Can I Get a High-Risk Merchant Account with Bad Credit?Timothy2021-09-15T08:21:00+00:00
Can I Get a High-Risk Merchant Account with Bad Credit?
Low Rates | Secure Processing | No Setup Fees
4.6 of 5.0 stars
Amazing Service. The process was very easy to sign-up. Daniel at Tailoredpay was on top of his game! He made sure we were taking care of no matter what!
Thank you so much! I highly recommended Tailoredpay!
High Risk – No Problem
I own and operate an online company that is considered “high risk.”This was not an obstacle with Tailored Pay. They went above and beyond to provide the best rates with the best acquirers for my business. I definitely recommend any merchant to work with Tailored Pay.
Our representative was great he’s very…
Our representative was great he’s very person centered which made our business experience terrific
Great so far
Great so far. Processing is working well and my representative is very helpful and surprisingly responsive.
Communication was great and they…
Communication was great and they offered the lowest rate for our industry. I was talking to many different providers but TailoredPay offered many incentives, I do not regret it. Highly recommending using TailoredPay!!
Great Company easy communication and…
Great Company easy communication and great rates
Whether your business is viewed as high-risk or low-risk can have a major impact on your merchant account options, and bad credit can make your business high-risk. While it’s true that getting a bad credit merchant can be challenging: yes, you can get a high-risk merchant account with bad credit.
Knowing how credit impacts merchant accounts and understanding your options can help you make the best decision for your business. Here, we’ll explain the ins and outs of merchant accounts for businesses with bad credit.
Bad credit merchant account: Defining “bad credit”
So, what exactly makes credit “bad”? Underwriters will consider multiple factors when determining whether to approve your merchant account application or not, but credit scores are a great way to help answer that question. In addition to your business credit score, in some cases your personal credit score is used by underwriters too. Here are some common types of credit scores and the point they’d be considered bad.
FICO score: 579 or lower. A FICO score is a common consumer credit rating. 579 and lower is a “Poor” FICO score.
VantageScore: 649 or lower. VantageScore is another popular consumer credit rating. It was created by Equifax, Experian, and TransUnion. With VantageScore’s consumer rating, “Poor” starts at 649.
FICO SBSS: 154 or lower. FICO Small Business Scoring Service is a common credit score for small businesses. Currently, you’d need a score of 155 for SBA (Small Business Administration) pre-screen checks, but banks and underwriters may want an even higher score.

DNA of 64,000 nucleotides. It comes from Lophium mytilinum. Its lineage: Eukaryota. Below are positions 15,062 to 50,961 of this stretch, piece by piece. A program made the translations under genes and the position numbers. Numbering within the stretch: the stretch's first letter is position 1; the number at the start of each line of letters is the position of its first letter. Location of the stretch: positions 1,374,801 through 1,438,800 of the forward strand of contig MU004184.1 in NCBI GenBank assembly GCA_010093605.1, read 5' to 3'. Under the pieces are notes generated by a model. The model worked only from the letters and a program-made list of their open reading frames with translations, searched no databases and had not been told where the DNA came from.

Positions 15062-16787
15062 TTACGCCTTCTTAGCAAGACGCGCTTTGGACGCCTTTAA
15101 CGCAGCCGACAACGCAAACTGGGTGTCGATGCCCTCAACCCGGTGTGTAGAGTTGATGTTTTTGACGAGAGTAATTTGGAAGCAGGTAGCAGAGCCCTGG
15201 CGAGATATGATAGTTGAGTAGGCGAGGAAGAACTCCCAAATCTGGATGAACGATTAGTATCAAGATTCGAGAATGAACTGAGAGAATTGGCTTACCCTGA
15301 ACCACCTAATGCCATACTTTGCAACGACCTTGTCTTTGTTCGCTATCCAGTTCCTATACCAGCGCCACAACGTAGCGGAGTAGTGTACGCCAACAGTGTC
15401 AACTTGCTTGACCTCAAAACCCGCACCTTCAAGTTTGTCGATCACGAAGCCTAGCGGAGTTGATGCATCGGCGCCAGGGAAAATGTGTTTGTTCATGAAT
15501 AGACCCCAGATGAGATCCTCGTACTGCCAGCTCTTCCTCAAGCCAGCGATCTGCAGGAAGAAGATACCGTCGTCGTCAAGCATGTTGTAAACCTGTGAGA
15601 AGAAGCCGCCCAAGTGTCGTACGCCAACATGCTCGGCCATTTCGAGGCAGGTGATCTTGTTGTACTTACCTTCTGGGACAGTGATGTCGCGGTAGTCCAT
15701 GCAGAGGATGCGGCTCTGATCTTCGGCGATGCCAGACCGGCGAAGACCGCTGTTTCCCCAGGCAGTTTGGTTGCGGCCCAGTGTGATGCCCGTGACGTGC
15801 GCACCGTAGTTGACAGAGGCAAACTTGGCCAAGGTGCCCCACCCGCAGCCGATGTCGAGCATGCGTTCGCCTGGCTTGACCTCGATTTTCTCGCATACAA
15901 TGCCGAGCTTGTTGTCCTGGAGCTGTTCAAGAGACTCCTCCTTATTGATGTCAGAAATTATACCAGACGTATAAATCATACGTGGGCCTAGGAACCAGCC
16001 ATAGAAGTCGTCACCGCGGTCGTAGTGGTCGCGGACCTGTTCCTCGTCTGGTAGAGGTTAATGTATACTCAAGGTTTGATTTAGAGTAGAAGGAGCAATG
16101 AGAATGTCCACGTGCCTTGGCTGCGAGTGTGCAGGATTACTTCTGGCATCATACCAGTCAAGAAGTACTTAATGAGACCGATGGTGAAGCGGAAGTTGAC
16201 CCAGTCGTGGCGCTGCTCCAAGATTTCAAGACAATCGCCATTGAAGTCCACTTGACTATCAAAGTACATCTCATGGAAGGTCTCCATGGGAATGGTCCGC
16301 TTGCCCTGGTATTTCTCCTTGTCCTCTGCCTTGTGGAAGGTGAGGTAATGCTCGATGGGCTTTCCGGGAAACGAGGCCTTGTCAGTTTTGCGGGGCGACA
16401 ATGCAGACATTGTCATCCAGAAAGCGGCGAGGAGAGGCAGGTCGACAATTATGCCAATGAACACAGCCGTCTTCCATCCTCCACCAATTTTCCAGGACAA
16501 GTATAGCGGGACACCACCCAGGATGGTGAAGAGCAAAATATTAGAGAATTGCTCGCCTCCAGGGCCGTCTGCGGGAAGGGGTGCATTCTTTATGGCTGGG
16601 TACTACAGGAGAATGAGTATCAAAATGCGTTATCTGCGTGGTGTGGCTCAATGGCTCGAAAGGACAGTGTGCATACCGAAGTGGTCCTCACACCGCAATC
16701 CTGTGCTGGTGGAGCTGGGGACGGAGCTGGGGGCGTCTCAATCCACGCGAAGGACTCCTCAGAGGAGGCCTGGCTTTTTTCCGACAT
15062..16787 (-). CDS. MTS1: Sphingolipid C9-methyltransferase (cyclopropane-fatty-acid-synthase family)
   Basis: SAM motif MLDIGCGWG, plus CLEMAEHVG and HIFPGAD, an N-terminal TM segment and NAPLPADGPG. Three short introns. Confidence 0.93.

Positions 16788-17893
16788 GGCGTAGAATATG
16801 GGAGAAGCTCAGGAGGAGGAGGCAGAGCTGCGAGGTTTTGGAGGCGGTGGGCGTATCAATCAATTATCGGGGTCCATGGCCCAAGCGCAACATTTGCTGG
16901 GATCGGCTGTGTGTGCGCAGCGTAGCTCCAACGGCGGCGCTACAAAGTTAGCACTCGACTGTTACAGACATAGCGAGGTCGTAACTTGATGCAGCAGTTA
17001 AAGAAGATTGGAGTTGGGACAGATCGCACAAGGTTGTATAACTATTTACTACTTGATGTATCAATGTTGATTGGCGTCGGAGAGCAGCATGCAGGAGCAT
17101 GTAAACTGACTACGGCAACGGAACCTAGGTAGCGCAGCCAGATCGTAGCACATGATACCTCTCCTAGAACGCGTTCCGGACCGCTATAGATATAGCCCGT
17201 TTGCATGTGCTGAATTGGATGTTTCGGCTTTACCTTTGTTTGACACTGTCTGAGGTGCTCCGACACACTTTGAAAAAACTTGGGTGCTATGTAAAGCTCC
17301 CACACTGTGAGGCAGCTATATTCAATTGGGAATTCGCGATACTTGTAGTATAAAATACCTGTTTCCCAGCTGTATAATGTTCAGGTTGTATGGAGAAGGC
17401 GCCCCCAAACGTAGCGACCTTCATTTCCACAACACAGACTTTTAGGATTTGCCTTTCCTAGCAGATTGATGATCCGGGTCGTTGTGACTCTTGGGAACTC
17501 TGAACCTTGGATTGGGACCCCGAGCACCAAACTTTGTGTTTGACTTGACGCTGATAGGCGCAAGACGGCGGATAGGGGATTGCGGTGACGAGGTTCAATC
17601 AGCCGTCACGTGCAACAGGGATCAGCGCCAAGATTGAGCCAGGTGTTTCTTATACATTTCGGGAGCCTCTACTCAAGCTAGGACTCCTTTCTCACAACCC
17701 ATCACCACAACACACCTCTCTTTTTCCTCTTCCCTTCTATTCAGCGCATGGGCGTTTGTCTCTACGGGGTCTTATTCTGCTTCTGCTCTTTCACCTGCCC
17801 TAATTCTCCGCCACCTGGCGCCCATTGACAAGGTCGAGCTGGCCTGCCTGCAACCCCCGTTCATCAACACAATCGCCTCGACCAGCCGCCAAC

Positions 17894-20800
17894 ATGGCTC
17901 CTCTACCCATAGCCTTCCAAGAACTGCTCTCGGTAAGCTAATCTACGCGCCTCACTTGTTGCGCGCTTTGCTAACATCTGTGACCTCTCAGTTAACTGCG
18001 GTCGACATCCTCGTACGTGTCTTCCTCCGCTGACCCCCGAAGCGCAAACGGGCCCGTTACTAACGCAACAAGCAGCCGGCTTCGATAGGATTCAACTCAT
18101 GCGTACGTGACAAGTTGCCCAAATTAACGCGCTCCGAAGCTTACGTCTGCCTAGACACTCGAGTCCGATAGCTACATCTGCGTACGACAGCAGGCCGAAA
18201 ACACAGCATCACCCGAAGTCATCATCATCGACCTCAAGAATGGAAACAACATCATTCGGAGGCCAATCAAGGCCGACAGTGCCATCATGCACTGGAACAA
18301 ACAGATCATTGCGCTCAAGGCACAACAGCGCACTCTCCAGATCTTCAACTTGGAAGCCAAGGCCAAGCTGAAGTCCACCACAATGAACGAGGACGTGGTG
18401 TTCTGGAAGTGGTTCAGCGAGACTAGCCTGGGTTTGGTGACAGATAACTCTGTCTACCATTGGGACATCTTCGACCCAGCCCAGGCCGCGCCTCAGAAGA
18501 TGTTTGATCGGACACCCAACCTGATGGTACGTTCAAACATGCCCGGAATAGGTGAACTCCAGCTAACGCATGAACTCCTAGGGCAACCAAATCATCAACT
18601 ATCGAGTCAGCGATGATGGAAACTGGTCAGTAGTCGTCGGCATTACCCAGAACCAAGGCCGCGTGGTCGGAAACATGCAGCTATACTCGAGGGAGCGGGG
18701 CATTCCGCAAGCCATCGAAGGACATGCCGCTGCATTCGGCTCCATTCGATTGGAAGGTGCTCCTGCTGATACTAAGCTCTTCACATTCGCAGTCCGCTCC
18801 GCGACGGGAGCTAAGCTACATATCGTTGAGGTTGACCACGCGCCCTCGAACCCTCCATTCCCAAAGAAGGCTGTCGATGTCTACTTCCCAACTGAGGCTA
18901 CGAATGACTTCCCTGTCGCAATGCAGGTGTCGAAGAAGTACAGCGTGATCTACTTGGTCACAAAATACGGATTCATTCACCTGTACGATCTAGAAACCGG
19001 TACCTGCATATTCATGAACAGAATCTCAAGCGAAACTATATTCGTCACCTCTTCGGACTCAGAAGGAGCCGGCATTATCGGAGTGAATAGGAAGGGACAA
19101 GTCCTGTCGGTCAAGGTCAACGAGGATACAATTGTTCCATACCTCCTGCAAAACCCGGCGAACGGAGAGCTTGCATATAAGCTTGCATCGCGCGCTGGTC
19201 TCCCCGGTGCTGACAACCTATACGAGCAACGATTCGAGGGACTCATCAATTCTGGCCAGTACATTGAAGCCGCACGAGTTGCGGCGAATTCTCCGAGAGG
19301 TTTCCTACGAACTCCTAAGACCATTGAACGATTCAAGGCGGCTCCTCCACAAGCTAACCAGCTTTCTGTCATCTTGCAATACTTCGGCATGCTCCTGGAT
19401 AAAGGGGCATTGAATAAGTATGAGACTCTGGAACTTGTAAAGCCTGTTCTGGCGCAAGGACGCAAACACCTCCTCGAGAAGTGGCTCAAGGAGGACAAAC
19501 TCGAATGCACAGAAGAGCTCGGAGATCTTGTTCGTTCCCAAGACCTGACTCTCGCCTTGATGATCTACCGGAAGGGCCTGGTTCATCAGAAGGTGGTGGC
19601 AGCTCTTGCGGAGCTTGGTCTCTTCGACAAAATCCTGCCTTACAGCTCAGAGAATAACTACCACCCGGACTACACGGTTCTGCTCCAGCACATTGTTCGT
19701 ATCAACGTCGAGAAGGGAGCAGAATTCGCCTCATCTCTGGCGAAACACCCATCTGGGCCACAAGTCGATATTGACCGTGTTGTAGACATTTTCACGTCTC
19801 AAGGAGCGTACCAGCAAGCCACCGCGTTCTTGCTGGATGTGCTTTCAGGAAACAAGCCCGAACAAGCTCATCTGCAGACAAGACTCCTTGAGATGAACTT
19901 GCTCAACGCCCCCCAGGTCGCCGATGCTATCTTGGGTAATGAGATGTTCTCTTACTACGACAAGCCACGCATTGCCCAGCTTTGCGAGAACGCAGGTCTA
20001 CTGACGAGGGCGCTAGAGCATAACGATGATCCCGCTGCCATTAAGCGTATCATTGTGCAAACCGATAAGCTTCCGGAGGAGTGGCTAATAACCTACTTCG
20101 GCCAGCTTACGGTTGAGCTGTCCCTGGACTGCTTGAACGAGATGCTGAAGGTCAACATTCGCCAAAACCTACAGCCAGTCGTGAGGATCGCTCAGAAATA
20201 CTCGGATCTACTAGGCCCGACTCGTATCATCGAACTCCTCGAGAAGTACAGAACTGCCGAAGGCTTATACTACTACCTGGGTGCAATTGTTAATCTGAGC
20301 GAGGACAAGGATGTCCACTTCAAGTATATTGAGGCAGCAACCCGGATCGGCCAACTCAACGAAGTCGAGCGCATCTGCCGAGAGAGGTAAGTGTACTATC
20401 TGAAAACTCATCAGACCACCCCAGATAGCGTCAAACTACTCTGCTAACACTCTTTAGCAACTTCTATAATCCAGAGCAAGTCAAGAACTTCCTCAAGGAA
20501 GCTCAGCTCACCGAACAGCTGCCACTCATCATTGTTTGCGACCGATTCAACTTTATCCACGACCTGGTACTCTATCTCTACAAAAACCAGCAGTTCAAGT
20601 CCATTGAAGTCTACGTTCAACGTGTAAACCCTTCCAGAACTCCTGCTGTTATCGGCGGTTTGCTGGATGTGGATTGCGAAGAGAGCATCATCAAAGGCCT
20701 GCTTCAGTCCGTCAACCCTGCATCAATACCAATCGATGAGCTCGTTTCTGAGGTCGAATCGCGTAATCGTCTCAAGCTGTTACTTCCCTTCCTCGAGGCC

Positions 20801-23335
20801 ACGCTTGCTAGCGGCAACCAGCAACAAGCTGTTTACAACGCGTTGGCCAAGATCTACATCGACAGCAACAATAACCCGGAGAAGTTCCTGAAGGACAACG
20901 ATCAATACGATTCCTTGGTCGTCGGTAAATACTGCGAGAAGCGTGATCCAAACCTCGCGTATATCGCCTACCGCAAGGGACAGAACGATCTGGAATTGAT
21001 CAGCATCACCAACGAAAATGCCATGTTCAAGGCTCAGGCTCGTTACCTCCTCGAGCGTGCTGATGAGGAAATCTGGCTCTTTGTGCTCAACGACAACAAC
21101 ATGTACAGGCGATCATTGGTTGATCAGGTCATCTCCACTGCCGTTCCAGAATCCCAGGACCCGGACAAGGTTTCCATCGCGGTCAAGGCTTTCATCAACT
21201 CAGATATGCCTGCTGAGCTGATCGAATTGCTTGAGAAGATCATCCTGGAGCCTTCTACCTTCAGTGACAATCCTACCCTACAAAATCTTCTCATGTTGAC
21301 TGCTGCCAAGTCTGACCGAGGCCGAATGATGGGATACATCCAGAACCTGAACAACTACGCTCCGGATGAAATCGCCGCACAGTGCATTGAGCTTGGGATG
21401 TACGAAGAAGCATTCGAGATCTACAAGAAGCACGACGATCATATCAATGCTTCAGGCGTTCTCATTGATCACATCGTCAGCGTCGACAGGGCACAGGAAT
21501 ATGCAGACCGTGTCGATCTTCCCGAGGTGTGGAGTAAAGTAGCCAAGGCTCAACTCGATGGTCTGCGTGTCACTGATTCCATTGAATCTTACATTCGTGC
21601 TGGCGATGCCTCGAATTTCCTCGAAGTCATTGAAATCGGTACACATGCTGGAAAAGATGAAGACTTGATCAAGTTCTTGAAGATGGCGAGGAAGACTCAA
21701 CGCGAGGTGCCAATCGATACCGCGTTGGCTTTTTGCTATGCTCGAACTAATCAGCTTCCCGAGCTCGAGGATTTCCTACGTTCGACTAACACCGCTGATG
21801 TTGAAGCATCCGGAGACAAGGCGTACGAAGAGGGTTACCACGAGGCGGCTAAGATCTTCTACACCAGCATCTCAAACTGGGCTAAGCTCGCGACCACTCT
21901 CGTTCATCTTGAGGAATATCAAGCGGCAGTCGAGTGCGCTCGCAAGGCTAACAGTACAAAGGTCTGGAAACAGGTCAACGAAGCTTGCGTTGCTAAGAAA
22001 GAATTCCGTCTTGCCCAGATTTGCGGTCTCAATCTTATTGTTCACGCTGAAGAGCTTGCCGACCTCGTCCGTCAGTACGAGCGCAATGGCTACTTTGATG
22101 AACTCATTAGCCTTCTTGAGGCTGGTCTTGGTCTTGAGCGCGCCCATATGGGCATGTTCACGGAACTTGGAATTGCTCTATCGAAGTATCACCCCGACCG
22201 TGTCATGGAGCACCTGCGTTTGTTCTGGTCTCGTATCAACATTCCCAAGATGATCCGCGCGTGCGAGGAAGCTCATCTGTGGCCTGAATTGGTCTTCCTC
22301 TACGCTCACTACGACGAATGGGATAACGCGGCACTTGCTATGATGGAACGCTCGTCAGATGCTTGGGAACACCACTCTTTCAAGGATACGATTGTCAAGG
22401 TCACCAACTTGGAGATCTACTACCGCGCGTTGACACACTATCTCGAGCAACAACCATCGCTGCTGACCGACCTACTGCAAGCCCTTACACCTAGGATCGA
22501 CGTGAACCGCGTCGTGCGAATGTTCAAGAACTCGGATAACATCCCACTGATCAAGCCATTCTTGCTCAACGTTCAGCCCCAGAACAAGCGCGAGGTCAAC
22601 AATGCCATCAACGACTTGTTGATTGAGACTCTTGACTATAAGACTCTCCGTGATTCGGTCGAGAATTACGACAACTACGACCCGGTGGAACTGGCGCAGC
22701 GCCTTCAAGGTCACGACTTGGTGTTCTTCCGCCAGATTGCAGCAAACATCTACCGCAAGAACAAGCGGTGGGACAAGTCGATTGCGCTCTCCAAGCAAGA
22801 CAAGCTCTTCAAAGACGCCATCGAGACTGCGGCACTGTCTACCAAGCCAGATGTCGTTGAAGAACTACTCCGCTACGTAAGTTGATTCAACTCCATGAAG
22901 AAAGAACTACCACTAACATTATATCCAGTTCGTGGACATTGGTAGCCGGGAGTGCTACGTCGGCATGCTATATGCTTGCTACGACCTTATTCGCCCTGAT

PAYDEX: 49 or lower. PAYDEX is a business credit score from Dun and Bradstreet (D&B) based on analyzing bill payment history. PAYDEX scores range from 1-100, and the “Bad” range starts at 49.
Intelliscore Plus: 25 or lower. Intelliscore Plus is a business credit rating from Experian. The rating ranges from 1-100 and the “High-Medium” risk category starts at 25.
What about “no credit”?
If your business has very limited credit history or “no credit”, you may face many of the same challenges as a business with bad credit. Therefore, many of the points and tips we discuss in the next sections can help you too!
Bad credit merchant account: How credit affects merchant accounts
There are many factors underwriters consider in merchant account applications. For your business, one of the most important items is whether or not you are considered high-risk. Higher risk means your business may be charged higher rates, required to keep reserve funds in your account, or rejected altogether.
We cover the characteristics of high-risk merchant accounts in our What is a high-risk merchant account? article. In short, some of the key factors are the industry you’re in, your sales model, frequency of chargebacks, and whether or not you have a bad credit. If you have bad credit, underwriters are likely to label you as high-risk. If you’re high-risk, merchant account fees and rates will likely be higher or you may not be approved at all.
Bad credit merchant account: The impact of chargebacks
In addition to bad credit, your chargeback ratio is another important factor that can impact your merchant account. Chargeback ratio is simply the percentage of chargebacks to overall charges processed. A chargeback occurs when a customer disputes a charge on their credit card statement. Note that it doesn’t matter if the dispute is won, the fact the dispute was made can impact your merchant account.
If your chargeback ratio is too high — usually about 2% — payment processors may charge you additional fees. This is because handling disputes costs processors money. If your business has too many, it’s no longer profitable for them to process payments for you. Therefore, you can see why a bad credit merchant account customer would be more likely to get dropped by a processor. Often, processors will drop merchant accounts with chargeback ratios of 2% or higher.